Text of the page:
Colorado Rockies Fan Sues Baseball Club for Resell Ticket Exclusions

PHOTO: Colorado Rockies fans outside Coors FieldDavid Zalubowski/AP Photo
Fans head into Coors Field to watch the Colorado Rockies face the New York Yankees in an MLB baseball game in Denver, in this May 9, 2013 photo.

A Colorado Rockies fan has filed a lawsuit against the Major League Baseball club, accusing them of illegally restricting the resale of game tickets to Stubhub and hoping to build a class action lawsuit against the sports franchise.

The plaintiff, Marilyn Sweet, says the baseball team is violating the Colorado Consumer Protection Act, according to the lawsuit. Passed in 2008, a provision in that law prohibits limiting the "terms or conditions of resale" and imposing sanctions "on the purchaser if the sale of the ticket is not through a reseller approved by the operator."

But the Rockies club "forces consumers seeking to participate in the secondary market (by either re-selling their tickets or purchasing resold tickets) to exclusively use or face expulsion from the stadium," the lawsuit states.

"On the face of every Rockies ticket it's stated that you can be tossed out of the stadium if you purchase from anyone other than an authorized reseller," said Steven Woodrow, Sweet's attorney and a lawyer with Edelson Law.

Woodrow said, "Sweet is a Rockies fan and loves the Rockies," adding that she purchases a "number of tickets each year".

A spokesman for the Colorado Rockies Baseball Club declined to comment and directed ABC News to Major League Baseball. MLB did not immediately respond to a request for comment.

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A spokesman for Stubhub, which is not named in the lawsuit as a defendant and is a subsidiary of eBay Inc., declined to comment to ABC News.

The lawsuit states that "consumers are forced to pay StubHub's inflated fees in the process, of which on information and belief, [the Colorado Rockies Baseball Club] receives and retains a portion."

Woodrow said he hopes the lawsuit, filed with the U.S. District of Colorado earlier this month, will be served to the baseball club this week.

The Rockies host a minimum of 81 games each year at Coors Field in Denver, Colo., selling between 2 million and 3 million tickets each season for an average of $23.65 per ticket, the lawsuit states, and grossing about $50 million every year from the sale of tickets to its games. The lawsuit states, "A sizeable portion of those tickets are subsequently resold on the Internet via online ticket marketplaces such as StubHub."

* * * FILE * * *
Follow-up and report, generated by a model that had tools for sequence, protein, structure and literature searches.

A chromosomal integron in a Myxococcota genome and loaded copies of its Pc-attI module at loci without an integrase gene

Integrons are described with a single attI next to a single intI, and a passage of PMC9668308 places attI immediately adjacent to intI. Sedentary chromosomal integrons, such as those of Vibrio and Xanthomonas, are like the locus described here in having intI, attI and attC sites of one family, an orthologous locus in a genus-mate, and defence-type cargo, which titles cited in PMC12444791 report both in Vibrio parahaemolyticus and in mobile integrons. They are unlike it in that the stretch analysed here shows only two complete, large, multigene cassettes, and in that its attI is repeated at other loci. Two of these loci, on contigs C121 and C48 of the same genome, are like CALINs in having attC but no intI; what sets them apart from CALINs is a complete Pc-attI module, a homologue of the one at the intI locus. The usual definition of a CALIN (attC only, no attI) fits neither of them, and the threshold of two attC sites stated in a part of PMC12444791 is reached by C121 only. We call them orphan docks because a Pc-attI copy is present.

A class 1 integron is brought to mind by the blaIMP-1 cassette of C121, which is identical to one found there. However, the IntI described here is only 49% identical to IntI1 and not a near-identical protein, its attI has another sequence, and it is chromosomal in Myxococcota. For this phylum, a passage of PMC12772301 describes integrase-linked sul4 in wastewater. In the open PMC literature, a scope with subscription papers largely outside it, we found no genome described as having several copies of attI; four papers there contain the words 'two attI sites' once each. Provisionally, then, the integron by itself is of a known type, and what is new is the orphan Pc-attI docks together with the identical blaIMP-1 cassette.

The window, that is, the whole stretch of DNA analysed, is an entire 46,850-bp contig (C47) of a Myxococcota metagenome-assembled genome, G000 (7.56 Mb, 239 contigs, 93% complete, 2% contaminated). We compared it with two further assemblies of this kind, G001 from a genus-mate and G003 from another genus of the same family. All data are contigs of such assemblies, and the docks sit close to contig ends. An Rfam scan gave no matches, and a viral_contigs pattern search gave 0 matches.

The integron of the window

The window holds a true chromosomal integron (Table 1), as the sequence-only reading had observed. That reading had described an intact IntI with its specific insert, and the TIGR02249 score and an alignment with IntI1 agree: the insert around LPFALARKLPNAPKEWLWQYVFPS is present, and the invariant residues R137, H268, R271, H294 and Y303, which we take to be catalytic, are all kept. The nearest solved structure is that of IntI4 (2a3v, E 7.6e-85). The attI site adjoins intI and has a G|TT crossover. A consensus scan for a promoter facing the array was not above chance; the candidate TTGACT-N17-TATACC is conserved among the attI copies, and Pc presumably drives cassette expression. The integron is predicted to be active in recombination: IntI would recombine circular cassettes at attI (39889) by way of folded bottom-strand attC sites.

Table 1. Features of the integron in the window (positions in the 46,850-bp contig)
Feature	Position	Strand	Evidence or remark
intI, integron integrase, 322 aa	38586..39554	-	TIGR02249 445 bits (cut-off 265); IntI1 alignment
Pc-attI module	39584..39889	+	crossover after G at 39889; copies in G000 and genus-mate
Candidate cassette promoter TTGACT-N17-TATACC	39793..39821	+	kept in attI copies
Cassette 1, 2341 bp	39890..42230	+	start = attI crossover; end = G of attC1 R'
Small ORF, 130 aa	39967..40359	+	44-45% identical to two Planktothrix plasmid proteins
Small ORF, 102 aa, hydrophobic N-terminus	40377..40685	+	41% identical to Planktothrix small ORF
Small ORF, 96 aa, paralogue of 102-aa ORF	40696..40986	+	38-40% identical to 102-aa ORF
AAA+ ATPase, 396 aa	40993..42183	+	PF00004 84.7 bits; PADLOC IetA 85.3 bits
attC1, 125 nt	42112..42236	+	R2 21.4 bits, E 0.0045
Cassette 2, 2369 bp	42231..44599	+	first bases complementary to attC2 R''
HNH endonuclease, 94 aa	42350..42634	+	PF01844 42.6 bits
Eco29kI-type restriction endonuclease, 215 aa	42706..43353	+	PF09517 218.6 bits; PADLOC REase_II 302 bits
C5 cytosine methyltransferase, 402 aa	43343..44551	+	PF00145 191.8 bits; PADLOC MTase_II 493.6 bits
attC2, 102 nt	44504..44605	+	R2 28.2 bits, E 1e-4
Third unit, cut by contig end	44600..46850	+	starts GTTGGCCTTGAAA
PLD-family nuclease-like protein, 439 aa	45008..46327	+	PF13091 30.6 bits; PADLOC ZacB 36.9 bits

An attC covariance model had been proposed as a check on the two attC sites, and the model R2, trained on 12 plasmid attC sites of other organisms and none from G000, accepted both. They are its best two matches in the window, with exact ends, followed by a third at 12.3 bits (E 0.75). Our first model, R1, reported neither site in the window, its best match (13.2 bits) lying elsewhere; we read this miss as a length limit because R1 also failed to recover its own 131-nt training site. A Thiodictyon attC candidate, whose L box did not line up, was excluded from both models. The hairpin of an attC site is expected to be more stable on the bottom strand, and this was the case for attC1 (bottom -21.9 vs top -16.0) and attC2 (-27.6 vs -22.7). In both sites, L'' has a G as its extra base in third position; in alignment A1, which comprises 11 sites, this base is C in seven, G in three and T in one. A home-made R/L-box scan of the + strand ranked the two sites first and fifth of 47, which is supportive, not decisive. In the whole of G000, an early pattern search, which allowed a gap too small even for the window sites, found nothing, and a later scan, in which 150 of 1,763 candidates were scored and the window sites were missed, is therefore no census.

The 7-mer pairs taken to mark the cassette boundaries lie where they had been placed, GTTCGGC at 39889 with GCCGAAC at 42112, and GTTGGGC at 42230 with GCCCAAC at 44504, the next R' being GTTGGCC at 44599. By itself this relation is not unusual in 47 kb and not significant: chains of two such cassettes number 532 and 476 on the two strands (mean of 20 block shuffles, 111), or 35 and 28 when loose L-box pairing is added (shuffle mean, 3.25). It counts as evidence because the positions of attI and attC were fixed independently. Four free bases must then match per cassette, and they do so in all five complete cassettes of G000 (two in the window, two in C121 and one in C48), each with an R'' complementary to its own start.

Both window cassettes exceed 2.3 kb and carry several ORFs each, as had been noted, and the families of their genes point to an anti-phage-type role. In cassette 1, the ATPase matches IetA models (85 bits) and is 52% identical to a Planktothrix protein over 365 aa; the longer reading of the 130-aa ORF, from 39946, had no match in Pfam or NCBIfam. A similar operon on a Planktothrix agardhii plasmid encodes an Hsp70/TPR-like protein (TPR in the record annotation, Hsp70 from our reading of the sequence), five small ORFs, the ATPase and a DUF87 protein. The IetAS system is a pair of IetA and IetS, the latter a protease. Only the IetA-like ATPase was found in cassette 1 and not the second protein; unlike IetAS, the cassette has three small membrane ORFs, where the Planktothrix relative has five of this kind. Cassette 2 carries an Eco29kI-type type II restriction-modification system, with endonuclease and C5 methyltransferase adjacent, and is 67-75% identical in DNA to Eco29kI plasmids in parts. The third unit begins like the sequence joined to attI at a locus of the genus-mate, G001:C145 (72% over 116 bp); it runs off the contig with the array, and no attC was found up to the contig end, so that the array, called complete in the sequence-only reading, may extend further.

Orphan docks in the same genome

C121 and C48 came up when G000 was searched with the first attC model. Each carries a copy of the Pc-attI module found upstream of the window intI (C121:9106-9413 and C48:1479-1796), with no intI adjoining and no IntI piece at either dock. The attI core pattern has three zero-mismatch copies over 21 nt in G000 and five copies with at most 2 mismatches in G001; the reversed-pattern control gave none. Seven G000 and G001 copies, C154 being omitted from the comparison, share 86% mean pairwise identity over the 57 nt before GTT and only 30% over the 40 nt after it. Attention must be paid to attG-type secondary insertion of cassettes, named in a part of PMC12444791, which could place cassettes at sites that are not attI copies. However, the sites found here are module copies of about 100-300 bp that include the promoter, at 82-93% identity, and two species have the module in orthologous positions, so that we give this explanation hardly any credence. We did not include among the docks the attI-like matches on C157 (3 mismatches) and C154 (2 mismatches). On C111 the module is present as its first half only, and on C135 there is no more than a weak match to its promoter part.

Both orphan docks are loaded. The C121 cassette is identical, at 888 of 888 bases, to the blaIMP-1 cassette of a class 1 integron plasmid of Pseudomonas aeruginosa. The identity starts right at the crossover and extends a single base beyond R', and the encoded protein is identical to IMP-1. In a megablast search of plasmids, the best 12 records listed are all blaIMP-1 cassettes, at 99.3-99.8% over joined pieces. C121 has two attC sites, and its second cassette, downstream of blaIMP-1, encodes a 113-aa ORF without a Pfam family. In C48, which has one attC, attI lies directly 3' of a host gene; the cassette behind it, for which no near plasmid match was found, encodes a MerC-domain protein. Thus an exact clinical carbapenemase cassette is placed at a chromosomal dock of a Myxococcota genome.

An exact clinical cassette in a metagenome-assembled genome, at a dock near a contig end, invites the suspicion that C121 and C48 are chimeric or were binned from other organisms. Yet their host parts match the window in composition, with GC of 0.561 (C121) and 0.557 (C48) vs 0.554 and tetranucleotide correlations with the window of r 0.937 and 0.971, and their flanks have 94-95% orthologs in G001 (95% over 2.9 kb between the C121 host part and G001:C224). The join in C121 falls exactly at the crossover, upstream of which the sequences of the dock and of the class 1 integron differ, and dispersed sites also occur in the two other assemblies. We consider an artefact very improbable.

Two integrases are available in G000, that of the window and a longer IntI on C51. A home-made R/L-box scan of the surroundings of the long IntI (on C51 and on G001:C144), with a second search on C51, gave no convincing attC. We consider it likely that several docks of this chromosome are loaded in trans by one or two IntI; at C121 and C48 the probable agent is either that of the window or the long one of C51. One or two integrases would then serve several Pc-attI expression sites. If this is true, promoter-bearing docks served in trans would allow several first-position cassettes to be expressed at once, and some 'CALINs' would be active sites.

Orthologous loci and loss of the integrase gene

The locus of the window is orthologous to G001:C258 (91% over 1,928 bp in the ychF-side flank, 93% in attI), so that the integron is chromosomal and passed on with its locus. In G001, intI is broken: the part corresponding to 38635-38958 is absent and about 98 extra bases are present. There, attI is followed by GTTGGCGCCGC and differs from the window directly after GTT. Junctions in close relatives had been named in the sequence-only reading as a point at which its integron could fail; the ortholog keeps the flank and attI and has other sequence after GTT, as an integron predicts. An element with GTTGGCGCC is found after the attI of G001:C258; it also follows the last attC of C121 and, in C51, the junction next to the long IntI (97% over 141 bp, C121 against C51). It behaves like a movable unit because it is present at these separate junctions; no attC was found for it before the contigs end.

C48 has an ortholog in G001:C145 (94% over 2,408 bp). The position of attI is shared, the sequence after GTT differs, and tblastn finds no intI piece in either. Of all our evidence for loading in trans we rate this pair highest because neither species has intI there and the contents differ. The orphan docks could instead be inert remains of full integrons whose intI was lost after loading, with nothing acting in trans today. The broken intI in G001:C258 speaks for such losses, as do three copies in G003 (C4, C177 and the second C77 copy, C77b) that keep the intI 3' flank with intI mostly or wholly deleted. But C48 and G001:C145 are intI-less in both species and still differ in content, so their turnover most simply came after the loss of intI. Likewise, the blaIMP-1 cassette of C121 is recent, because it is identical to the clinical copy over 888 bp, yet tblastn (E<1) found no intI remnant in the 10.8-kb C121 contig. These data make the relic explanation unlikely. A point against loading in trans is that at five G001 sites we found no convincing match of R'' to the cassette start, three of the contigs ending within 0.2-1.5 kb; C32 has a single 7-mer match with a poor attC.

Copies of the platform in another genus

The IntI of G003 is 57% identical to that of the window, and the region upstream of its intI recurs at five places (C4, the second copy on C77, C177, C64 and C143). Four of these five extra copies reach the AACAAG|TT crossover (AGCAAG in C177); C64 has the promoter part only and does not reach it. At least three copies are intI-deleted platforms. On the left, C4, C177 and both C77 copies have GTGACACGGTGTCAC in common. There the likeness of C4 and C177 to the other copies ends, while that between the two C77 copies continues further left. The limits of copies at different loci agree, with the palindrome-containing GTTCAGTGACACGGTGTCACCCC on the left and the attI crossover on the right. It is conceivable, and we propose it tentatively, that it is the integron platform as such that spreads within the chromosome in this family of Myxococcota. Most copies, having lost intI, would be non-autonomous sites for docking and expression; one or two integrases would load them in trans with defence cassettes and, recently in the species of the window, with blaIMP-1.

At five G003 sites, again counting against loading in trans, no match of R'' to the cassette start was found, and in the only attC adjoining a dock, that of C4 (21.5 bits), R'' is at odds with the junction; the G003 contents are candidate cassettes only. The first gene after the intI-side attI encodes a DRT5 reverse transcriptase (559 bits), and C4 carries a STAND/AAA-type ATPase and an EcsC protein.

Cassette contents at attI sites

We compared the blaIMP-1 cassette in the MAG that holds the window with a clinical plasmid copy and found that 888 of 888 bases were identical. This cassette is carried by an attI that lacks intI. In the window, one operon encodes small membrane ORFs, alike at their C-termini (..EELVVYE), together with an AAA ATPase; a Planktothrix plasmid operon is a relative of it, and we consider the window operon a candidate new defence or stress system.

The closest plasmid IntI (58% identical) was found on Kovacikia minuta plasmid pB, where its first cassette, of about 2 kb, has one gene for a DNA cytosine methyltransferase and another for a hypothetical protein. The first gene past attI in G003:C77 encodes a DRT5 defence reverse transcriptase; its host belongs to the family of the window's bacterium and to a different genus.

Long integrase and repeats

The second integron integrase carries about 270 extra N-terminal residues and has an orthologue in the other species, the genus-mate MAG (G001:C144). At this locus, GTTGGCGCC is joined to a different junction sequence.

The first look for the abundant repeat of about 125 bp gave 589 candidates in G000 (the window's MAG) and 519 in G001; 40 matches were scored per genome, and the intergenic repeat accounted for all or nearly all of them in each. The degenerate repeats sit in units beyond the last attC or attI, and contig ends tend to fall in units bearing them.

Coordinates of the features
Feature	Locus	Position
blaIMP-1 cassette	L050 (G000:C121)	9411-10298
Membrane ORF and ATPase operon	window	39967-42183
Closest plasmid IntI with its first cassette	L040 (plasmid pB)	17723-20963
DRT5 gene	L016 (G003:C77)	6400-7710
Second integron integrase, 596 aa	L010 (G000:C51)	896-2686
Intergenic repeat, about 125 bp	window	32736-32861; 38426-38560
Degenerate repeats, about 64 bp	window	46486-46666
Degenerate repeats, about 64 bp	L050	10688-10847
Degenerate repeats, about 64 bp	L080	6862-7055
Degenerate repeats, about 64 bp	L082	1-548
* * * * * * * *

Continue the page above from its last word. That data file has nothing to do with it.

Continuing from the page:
According to the lawsuit, the "terms and conditions" printed on each Colorado Rockies ticket states: "[t]his ticket may not be resold or offered for resale (i) via the Internet or any other interactive media, except, if applicable, through the official website of the Colorado Rockies ( or sites authorized by the Colorado Rockies or (ii) in a manner at a price or otherwise in violation of any Federal, State, or local laws/ordinances/regulations."

While the Rockies "does not provide a list of sites that it authorizes for the resale of tickets via the internet," Sweet's lawsuit states that, "on information and belief," only calls itself "The Official Fan to Fan Ticket Marketplace of the Colorado Rockies."

When the law was discussed in the state legislature in 2008, representatives of the NFL's Denver Broncos, NHL's Colorado Avalanche, and NBA' Denver Nuggets "testified and voiced their opposition," the lawsuit states, adding, "The Colorado Rockies did not participate in the debate or provide testimony."

"Ms. Sweet was interested in bringing this lawsuit because this law is on the books," Woodrow said. "It protects all Colorado consumers. As a fan of the Rockies, through this lawsuit, she hoped to engage in a conversation with them to bring them into compliance."